The death of a friend or family member can be an emotional time. The last thing you may want to consider is how to deal with the deceased person’s property. The law pertaining to California probate proceedings provides a process for this in the state’s probate code. Ideally, this process is supposed to be an easy way to resolve the deceased’s estate and distribute his property to others in an orderly manner. In reality, the process is rarely easy.
In addition, courts use probate proceedings to decide the validity of the deceased’s will, and which debts were owed at the time of death. The court also appoints a person to distribute any property according to a will, or if there is no will, according to the law. This appointed person also pays the debts of the deceased before making these distributions.
California Probate Proceedings and Non-Probate Options
In California, before you can figure out if you need to go through probate court for personal property, you need to know the value of the deceased’s estate. If the value is above $150,000, then you would have to go through a probate proceeding in court. If the value is less than $150,000, you may qualify for an easier process of distributing the assets and paying the debts that allows you to avoid probate. Personal property does not include houses or land. There are other restrictions about what kind of property can be distributed in this way.
Probate court can also be avoided when dealing with other types of property such as with life insurance payments, or with bank accounts or property that is owned jointly with the deceased. This is one of the advantages of creating a living trust; you can transfer property into a trust, and name beneficiaries who then avoid probate proceedings in receiving the trust property upon your death.
With married couples or couples in a domestic partnership, there is a different procedure depending on whether you are claiming all the deceased spouse’s property, or just a part of it. If claiming all the property as community property under California law, then you have to go through probate in court. If you are only claiming a part of the estate, then you may do so by filing a simplified proceeding, therefore avoiding probate.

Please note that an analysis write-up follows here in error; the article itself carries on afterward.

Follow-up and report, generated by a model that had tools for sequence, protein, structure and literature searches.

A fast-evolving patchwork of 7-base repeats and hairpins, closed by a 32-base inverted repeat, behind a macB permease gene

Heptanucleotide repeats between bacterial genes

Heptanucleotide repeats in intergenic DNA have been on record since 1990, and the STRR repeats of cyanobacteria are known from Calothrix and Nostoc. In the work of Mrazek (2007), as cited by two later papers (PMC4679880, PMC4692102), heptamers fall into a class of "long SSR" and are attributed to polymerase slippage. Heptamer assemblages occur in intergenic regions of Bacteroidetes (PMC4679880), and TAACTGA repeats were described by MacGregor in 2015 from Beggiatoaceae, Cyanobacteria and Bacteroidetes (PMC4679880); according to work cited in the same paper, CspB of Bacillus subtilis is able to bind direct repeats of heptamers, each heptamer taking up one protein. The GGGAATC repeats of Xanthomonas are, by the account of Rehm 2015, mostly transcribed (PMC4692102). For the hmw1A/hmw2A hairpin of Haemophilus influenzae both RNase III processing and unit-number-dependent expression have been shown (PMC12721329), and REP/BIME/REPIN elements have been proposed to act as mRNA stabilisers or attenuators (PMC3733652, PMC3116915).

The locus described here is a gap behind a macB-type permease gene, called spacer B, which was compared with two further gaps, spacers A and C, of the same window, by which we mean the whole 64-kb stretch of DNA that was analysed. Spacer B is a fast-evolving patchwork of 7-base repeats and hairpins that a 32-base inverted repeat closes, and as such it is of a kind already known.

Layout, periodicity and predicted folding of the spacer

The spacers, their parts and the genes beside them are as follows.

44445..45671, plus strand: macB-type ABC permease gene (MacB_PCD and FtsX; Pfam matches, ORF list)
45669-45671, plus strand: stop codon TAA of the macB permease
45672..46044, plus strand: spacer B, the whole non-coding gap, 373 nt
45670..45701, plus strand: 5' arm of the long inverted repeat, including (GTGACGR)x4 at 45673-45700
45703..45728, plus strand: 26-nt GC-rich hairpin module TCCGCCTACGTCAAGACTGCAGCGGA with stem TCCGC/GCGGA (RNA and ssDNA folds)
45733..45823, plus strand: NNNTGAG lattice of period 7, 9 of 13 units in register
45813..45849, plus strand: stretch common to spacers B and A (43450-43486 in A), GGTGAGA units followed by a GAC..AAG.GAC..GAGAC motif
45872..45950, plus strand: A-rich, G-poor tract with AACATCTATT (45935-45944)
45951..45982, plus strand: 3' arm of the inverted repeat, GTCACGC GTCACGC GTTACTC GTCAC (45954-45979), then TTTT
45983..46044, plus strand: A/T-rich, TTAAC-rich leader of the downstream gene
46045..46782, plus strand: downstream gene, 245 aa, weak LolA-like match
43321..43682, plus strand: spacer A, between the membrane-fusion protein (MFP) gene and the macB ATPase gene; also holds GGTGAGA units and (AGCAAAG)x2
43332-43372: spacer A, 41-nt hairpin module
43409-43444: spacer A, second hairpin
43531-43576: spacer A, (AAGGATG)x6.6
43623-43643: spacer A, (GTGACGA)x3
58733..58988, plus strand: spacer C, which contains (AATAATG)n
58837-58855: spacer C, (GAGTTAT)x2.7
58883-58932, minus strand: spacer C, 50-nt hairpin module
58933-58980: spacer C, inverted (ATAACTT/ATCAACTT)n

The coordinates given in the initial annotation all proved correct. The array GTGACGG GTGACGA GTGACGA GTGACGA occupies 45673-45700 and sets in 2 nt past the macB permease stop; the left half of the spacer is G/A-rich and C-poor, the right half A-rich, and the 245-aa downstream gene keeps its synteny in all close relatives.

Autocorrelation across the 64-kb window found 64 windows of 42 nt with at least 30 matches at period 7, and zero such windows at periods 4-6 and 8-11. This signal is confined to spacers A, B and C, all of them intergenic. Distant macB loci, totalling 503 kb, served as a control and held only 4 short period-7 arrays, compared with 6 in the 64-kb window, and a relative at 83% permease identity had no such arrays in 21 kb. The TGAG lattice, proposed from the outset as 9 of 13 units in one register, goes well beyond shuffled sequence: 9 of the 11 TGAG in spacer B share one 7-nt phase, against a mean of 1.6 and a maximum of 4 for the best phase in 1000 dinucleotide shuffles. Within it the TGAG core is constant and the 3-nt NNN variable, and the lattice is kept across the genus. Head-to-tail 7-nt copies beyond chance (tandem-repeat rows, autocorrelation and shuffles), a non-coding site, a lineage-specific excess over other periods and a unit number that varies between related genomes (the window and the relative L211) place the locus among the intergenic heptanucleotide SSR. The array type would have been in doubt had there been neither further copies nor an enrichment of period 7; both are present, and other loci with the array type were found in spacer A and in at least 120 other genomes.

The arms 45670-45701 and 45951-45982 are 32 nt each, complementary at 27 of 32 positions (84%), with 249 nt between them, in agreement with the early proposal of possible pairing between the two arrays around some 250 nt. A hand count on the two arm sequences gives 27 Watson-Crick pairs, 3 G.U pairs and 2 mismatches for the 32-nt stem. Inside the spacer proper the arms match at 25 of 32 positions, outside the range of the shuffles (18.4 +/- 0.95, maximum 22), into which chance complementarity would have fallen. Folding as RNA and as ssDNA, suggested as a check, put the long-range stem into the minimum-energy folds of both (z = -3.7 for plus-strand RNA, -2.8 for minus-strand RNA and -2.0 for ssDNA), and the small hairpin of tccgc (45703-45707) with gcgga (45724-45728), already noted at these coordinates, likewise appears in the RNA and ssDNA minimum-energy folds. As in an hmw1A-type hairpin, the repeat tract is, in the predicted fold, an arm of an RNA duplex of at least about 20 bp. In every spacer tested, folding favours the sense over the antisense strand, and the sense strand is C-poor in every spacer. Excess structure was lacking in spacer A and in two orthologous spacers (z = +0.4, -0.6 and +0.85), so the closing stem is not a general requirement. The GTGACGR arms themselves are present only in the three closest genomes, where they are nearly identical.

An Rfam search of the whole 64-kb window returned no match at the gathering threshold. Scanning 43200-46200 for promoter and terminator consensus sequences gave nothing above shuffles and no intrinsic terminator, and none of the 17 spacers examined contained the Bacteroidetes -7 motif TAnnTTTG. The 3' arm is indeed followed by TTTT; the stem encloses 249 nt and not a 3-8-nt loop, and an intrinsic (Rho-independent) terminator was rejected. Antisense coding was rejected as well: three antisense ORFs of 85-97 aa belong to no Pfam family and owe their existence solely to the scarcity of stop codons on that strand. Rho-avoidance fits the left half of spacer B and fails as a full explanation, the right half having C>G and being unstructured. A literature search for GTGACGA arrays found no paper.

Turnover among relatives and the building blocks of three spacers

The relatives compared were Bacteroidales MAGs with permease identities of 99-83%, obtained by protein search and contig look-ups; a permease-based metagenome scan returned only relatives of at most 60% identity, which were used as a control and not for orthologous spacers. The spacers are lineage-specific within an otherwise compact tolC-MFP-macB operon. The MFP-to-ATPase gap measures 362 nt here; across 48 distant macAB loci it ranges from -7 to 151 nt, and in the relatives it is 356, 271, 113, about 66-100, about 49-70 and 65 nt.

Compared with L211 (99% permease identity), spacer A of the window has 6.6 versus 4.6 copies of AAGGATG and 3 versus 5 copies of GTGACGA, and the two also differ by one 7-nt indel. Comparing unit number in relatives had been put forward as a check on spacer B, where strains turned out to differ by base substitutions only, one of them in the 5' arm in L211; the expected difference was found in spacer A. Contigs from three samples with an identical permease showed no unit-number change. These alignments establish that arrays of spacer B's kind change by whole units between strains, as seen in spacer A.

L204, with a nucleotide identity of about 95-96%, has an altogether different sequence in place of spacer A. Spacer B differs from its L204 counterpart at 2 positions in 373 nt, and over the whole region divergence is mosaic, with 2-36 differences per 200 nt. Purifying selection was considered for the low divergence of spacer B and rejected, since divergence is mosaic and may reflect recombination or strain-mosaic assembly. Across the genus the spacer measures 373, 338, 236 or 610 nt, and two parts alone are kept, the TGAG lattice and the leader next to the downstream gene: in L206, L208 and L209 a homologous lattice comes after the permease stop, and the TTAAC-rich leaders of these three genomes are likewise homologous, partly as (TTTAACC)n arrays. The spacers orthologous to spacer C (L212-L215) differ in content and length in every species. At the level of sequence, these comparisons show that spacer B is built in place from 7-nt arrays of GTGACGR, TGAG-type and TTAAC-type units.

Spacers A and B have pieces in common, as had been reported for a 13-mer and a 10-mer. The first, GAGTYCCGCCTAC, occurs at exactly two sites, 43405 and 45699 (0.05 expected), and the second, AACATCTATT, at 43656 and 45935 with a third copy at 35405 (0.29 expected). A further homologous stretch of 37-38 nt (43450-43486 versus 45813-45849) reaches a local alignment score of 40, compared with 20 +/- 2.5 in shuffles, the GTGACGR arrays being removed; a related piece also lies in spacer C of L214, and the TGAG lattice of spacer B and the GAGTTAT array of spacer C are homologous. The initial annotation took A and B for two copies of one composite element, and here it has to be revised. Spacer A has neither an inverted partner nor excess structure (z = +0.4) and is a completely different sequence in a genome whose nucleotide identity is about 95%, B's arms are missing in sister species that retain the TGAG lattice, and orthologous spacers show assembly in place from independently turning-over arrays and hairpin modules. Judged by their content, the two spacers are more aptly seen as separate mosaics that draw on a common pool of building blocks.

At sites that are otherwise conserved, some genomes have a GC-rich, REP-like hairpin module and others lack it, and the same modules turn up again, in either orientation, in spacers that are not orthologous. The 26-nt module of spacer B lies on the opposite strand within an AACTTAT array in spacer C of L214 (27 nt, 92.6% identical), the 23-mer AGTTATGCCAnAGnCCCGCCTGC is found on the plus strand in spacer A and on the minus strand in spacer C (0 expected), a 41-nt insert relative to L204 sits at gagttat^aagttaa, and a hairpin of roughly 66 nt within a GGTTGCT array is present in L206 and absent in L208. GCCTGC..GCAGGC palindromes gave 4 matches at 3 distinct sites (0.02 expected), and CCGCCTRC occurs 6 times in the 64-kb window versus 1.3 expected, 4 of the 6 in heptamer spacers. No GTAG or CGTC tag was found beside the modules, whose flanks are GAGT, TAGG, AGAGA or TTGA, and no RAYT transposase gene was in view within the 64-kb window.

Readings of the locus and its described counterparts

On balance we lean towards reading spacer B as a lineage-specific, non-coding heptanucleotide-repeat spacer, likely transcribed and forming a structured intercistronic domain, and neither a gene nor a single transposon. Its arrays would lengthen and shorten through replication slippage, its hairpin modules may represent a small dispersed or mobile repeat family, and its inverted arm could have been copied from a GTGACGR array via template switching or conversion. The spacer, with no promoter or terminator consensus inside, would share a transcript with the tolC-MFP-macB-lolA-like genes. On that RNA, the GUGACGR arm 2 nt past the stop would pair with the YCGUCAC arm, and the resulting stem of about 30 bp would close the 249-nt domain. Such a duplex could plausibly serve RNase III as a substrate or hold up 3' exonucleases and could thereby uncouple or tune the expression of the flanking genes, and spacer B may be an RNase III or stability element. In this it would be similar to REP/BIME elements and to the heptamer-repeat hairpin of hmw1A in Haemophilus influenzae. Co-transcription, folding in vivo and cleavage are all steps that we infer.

The Filing Procedure for California Probate Proceedings
Once you have determined you have to go through probate, the following steps have to be followed:
1. If the deceased left a will, the person who the will was left with has to file it with the court within thirty (30) days of death. A copy of the will is also sent to a person named in the will as an executor. If the person cannot be found or is unavailable, then the copy is sent to a named beneficiary in the will.
2. File the proper forms to start a probate case.
Once the probate case is started by filing, the court clerk sets a date for the case to be heard. The person who filed the case must then make sure that notice is sent to anyone with an interest or right to a part of the deceased’s property. The person filing the case must also have notice published in a newspaper that is generally circulated.
After a judge reviews the case, he appoints someone to take care of distributing the assets and paying the debts, this person is called an administrator or an executor. The executor or administrator gathers information on the estate’s property and debts, and the court determines how it will be divided. After the court reviews the distributions, they discharge the executor or administrator from their duties. If all debts have been paid and all property remaining has been properly distributed, then the case is over.
Starting a probate case, if you need to, may be fairly complicated in the beginning, and you may need help getting started. For help in completing the required forms to start a probate proceeding, contact the representatives at A People’s Choice, they can provide high quality non-attorney help.